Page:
Truncheon vs Waddy - What's the difference?

truncheon | waddy | Related terms |

Truncheon is a related term of waddy.


As nouns the difference between truncheon and waddy

is that truncheon is (label) a fragment or piece broken off from something, especially a broken-off piece of a spear or lance while waddy is (colloquial) a cowboy or waddy can be (australia) a war club used by aboriginal australians; a nulla nulla.

As a verb truncheon

is to strike with a truncheon.

truncheon

English

Noun

(en noun)
  • (label) A fragment or piece broken off from something, especially a broken-off piece of a spear or lance.
  • *, Bk.VII:
  • *:Helpe me that thys truncheoune were oute of my syde, for hit stykith so sore that hit nyghe sleyth me.
  • *1596 , (Edmund Spenser), The Faerie Queene , IV.3:
  • *:Therewith asunder in the midst it brast, / And in his hand nought but the troncheon left.
  • (label) The shaft of a spear.
  • A short staff, a club; a cudgel.
  • *(Edmund Spenser) (c.1552–1599)
  • *:With his truncheon he so rudely struck.
  • *1786 , Francis Grose, A Treatise on Ancient Armour and Weapons , p.52:
  • *:One is a large ball of iron, fastened with three chains to a strong truncheon or staff of about two feet long; the other is of mixed metal, in the form of a channelled melon, fastened also to a staff by a triple chain; these balls weigh eight pounds.
  • A baton, or military staff of command, now especially the stick carried by a police officer.
  • *1604 , William Shakespeare, Measure for Measure , Act II, Scene II, l.60:
  • *:Not the king's crown, nor the deputed sword / The marshal's truncheon , nor the judge's robe / Become them with one half so good a grace / As mercy does.
  • (label) A stout stem, as of a tree, with the branches lopped off, to produce rapid growth.
  • :(Gardner)
  • (label) A penis.
  • See also

    * bludgeon

    Verb

    (en verb)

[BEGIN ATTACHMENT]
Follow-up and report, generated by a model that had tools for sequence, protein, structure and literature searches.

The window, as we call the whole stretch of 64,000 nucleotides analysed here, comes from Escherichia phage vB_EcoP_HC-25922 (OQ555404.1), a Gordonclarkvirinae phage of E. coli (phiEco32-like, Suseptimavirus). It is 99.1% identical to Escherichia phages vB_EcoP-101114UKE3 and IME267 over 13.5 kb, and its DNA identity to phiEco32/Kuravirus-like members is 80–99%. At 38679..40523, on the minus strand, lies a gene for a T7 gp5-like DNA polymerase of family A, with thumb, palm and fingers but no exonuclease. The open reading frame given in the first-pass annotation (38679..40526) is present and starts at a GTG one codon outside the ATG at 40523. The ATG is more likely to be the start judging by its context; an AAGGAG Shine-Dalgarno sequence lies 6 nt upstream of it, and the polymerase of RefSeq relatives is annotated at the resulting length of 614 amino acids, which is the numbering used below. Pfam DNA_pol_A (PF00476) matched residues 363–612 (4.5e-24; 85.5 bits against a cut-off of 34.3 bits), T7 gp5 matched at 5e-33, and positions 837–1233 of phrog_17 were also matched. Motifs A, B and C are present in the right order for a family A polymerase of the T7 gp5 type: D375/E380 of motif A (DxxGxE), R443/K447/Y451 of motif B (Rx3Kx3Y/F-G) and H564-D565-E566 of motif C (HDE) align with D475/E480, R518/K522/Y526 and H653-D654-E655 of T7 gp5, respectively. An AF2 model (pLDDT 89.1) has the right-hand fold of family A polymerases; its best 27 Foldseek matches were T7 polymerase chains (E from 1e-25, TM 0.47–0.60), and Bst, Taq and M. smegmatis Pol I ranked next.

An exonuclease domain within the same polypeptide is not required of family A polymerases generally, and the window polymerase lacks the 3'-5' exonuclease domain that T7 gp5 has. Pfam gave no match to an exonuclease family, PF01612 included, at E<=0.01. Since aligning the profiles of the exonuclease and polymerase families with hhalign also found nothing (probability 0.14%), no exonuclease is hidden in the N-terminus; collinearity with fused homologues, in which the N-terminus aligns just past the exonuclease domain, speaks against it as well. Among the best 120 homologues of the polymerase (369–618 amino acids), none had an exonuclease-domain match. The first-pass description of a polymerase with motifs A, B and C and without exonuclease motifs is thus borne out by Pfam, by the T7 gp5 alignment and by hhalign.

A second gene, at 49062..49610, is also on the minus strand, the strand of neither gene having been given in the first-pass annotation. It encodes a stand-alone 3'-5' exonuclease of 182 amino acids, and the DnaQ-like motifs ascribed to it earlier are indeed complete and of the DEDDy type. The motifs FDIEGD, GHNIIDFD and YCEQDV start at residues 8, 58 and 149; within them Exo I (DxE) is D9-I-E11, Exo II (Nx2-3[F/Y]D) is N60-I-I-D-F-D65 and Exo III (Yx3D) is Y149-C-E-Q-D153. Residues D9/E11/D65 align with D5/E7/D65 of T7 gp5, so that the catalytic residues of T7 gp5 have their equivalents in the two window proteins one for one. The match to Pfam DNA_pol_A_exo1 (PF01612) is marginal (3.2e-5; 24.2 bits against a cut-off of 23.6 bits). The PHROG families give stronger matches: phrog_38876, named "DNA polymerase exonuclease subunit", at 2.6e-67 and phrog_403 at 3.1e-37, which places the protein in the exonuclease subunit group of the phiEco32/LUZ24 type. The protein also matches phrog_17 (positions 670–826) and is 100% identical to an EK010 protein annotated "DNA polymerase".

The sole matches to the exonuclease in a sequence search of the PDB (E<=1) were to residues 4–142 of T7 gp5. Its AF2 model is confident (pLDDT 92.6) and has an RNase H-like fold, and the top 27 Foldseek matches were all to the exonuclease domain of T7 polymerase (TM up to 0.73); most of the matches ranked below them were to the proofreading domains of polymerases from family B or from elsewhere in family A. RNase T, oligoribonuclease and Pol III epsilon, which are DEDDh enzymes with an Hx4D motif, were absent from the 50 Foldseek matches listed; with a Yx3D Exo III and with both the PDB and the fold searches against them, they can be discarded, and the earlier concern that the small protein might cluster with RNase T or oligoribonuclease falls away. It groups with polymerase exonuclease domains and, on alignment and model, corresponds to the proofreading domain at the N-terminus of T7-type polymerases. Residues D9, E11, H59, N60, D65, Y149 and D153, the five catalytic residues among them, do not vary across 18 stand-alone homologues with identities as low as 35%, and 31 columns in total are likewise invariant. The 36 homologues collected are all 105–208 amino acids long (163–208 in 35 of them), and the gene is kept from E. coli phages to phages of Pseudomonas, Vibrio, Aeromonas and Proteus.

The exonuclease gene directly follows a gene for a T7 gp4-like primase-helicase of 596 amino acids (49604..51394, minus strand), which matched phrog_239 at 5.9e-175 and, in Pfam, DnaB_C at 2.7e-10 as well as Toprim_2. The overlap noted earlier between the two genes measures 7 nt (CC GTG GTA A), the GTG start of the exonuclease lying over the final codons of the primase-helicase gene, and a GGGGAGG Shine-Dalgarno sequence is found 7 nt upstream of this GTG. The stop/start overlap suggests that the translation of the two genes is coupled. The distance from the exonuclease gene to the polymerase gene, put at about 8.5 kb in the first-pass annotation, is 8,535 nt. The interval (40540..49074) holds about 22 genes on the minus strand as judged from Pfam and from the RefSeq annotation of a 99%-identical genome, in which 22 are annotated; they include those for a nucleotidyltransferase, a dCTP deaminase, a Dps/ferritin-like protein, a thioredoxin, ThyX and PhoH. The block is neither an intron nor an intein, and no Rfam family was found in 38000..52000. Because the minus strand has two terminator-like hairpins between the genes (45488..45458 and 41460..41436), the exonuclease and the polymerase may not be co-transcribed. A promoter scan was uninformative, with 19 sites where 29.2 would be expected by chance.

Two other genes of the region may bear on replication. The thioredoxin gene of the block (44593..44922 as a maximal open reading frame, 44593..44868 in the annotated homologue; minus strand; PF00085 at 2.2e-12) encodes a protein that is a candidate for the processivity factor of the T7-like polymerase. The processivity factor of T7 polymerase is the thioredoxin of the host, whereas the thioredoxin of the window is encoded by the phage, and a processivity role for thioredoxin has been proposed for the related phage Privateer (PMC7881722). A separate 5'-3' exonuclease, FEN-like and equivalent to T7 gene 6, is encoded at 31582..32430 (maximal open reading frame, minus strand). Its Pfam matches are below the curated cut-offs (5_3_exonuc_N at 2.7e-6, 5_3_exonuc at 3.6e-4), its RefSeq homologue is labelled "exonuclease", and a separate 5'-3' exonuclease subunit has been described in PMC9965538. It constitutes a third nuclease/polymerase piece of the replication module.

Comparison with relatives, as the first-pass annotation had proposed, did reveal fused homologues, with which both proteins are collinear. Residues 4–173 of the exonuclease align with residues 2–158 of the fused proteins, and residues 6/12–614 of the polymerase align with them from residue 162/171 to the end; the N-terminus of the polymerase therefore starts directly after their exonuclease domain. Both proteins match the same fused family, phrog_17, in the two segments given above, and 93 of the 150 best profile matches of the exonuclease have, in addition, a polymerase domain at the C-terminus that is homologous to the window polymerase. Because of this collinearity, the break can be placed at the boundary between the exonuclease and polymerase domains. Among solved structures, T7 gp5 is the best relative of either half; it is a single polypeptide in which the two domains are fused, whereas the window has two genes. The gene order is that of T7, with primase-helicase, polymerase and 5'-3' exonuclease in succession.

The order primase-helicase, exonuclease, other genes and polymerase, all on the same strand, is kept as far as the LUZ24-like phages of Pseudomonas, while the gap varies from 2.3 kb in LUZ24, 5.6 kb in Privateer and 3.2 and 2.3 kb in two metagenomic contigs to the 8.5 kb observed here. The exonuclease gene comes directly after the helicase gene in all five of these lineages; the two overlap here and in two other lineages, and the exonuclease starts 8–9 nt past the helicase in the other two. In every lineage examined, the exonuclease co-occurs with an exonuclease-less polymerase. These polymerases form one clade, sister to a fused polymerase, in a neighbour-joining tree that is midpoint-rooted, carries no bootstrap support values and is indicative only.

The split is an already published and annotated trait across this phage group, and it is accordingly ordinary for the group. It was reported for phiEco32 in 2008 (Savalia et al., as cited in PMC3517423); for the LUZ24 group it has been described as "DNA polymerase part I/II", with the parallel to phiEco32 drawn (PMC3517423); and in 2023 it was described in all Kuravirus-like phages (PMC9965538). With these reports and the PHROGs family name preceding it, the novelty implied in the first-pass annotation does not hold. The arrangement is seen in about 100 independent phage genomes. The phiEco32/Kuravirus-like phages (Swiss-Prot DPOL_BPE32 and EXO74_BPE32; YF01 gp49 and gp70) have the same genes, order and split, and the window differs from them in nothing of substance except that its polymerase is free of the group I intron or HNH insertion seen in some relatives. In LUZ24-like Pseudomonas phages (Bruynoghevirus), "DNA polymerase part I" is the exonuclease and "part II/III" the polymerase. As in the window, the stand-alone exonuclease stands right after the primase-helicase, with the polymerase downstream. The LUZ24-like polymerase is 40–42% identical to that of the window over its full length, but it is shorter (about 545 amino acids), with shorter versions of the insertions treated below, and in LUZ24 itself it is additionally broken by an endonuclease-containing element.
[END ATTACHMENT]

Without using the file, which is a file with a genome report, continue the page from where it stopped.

• To strike with a truncheon.
  • (Shakespeare)

    waddy

    English

    Etymology 1

    Origin unknown.

    Alternative forms

    * waddie

    Noun

    (waddies)
  • (colloquial) A cowboy.
  • * 1992 , , All the Pretty Horses ,
  • This is how it was with the old waddies , aint it?
  • * 1968 , , True Grit ,
  • If I ever meet one of you Texas waddies that says he never drank from a horse track I think I will shake his hand and give him a Daniel Webster cigar.

    Etymology 2

    From (etyl) .

    Noun

    (waddies)
  • (Australia) A war club used by Aboriginal Australians; a nulla nulla.
  • * 1839 , William Mann, Six Years' Residence in the Australian Provinces , page 156,
  • After waiting for some time, and nothing being done, I began to think that the settlement tribes were afraid of the mountaineers, whose chosen warriors advanced in a line, striking their shields with their waddies', singing their war-cry, wa-ah ! wa-ah ! wa-ah ! aa-ho ! aa-ho ! aa-ho ! hi-hi-hi !—I should have told you that many of the Amity Paint tribe, which is more numerous than the other two settlement tribes, were deficient of spears and shields, having nothing but ' waddies and boomerangs.
  • * 1840 May—August, (editor), Van Diemen's Land'', ''The Colonial Magazine and Commercial-maritime Journal , Volume 2, page 76,
  • In the mean while women, children, and remote stock-keepers fell under the unerring spears or death-dealing waddies of an enemy, the first indication of whose appearance was consectaneous with the stroke that reft his victim of life.
  • * 2008 , Doreen Kartinyeri, Sue Anderson, Doreen Kartinyeri: My Ngarrindjeri Calling , page 20,
  • The kids would copy the men to make their own cricket stumps, but no-one was allowed to touch Grandfather's special wood for making waddies .